My Parkinson line hits its brick wall with Robert’s birth somewhere around 1792. So if any of you out there has information about his birth or his parents I would be pleased to hear from you. Drop me a message in the comment box and I will get back to you.
Edmund Webb – Amble West Cemetery – age 9 months
My Mam’s baby brother, Edmund Webb, died in Radcliffe in Northumberland on 11 May 1924. Edmund was only 9 months old when he died of broncho pneumonia. I remember my granny taking me to put flowers on two graves at Amble West Cemetery when I was little. One was her aunt, the other I believe to be that of her little boy. On my first photo shoot in the cemetery I had forgotten all about him, so I wasn’t even looking for him. I later sent my brother and nephew to follow my vague directions to find him, but they had no success. On a new trip this Easter I had a flash of inspiration and think I have found him. There is no name, but the “monument” fits very well with my childhood memories of place and size and follows the norm of older baby graves there being near the paths. So I hope this photo is of the right grave, but even if it isn’t, I think little Edmund still deserves a thought. There are no living relatives I can think of who knew him during his short life as his only surviving sister was born 6 years after his death.
My baby uncle Edmund shares his name with two others. My granda’s brother Edmund Webb (1897 to 1916) and my great great grandfather Edmund Webb who is one of my most frustrating brick walls. He was probably born around the 1830s, perhaps originates from Cornwall and then moved to Lancashire where he produced great granda Robert Webb who is also a mysterious chap. 2x great grandfather Edmund may have been a tin miner, a coal miner and a stonemason. If any of you out there have any ideas on how to pin him down I would be thrilled to hear from you. Drop me a comment and I will get back to you.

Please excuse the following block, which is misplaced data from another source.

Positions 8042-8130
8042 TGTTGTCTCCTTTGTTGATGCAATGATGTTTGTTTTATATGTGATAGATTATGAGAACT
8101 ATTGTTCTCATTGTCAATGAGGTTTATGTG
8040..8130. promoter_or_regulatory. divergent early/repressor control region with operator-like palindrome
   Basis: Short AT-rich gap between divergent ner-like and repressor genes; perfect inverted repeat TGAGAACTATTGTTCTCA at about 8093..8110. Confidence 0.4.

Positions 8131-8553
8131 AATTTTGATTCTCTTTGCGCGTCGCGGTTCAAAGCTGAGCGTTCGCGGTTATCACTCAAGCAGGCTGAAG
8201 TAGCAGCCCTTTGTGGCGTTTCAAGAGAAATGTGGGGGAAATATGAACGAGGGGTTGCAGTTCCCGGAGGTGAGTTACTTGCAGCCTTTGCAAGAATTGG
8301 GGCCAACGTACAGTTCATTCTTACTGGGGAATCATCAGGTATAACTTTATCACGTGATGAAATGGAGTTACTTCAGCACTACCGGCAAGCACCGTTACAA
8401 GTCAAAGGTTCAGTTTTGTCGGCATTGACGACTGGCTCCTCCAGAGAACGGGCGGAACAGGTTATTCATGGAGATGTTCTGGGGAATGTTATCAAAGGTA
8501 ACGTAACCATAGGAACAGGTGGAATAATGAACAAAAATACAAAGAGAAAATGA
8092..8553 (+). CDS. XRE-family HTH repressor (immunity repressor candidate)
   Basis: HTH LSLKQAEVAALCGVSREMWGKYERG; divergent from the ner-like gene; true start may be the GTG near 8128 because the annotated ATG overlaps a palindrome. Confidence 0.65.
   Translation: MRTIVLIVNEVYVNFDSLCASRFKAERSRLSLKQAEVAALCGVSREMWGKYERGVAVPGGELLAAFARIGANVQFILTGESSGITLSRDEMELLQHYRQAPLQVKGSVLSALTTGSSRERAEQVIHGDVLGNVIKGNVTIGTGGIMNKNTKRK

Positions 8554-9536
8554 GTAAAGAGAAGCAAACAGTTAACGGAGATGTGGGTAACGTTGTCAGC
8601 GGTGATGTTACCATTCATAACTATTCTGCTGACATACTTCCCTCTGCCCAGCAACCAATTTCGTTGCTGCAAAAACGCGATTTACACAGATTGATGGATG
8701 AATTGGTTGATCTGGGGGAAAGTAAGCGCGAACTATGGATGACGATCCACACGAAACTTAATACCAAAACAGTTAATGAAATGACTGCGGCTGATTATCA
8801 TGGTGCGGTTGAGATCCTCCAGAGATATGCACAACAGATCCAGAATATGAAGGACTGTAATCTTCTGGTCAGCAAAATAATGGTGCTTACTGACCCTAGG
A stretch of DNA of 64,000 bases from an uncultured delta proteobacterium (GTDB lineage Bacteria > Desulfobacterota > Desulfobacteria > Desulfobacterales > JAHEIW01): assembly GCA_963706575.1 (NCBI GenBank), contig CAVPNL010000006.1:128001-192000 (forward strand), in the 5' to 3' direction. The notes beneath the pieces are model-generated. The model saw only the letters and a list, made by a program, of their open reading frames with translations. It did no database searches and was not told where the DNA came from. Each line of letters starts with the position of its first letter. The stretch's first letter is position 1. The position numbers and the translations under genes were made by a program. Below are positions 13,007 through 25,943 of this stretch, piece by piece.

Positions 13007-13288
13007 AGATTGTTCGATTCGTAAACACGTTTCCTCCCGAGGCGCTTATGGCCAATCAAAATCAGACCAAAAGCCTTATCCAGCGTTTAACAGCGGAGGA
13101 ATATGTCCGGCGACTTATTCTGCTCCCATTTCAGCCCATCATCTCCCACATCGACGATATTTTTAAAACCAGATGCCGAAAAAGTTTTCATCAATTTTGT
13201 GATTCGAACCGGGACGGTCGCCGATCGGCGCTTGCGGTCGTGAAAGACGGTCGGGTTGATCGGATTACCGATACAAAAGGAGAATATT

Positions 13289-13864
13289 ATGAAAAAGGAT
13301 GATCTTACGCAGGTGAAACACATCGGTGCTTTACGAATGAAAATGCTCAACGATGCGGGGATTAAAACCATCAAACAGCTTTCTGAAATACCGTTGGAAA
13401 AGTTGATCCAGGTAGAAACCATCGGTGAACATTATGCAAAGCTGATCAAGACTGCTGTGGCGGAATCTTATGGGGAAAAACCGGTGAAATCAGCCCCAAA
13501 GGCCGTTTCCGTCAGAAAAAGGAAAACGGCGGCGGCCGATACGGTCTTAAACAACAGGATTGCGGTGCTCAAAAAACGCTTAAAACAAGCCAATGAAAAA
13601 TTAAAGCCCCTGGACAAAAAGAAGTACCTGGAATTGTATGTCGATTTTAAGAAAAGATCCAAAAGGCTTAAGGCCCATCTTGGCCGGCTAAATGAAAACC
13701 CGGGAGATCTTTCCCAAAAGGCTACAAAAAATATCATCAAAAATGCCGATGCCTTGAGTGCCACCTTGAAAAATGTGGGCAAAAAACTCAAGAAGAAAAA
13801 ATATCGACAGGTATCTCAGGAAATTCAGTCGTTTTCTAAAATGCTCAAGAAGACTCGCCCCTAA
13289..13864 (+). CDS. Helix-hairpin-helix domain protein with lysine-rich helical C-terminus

My great great grandfather Thomas Carr died at Hirst in Northumberland on 7 May 1900. Thomas and his wife Ellen or Eleanor or Ellenor had 5 daughters. Their youngest daughter was my great grandmother Sarah Ann Carr born in 1860. I have had no luck in tracing a marriage record for Thomas and Ellen. The birth certificates for their girls have inconsistent spellings of their mother’s name so I am looking for all possible combinations:
- Ellen Reid
- Ellen Read
- Ellen Reed
- Eleanor Reid
- Eleanor Read
- Eleanor Reed
- Ellenor Reid
- Ellenor Read
- Ellenor Reid
If any of you out there can shed any light on who she may have been drop me a comment and I will get back to you to discuss it.
John Henderson drowned 1898 in Amble Harbour
On 29 April 1898 John Henderson, age 38, fell into Amble Harbour while trying to fix the tiller on a boat. An extensive search was carried out, but John was not found until several days later when the tide washed his body back into the harbour. The photo shows his grave in Amble East Cemetery.
John left behind his pregnant wife Mary and two children: David, age 4, who was later killed in WWI and baby Isabella. Their posthumous child, named John after his Dad, died in September 1899 age 10 months.
I have several John Hendersons in my tree. This John, who met the tragic harbour death, was my granny’s uncle, the eldest son of my 2x great grandparents John Henderson and Margaret Stavers.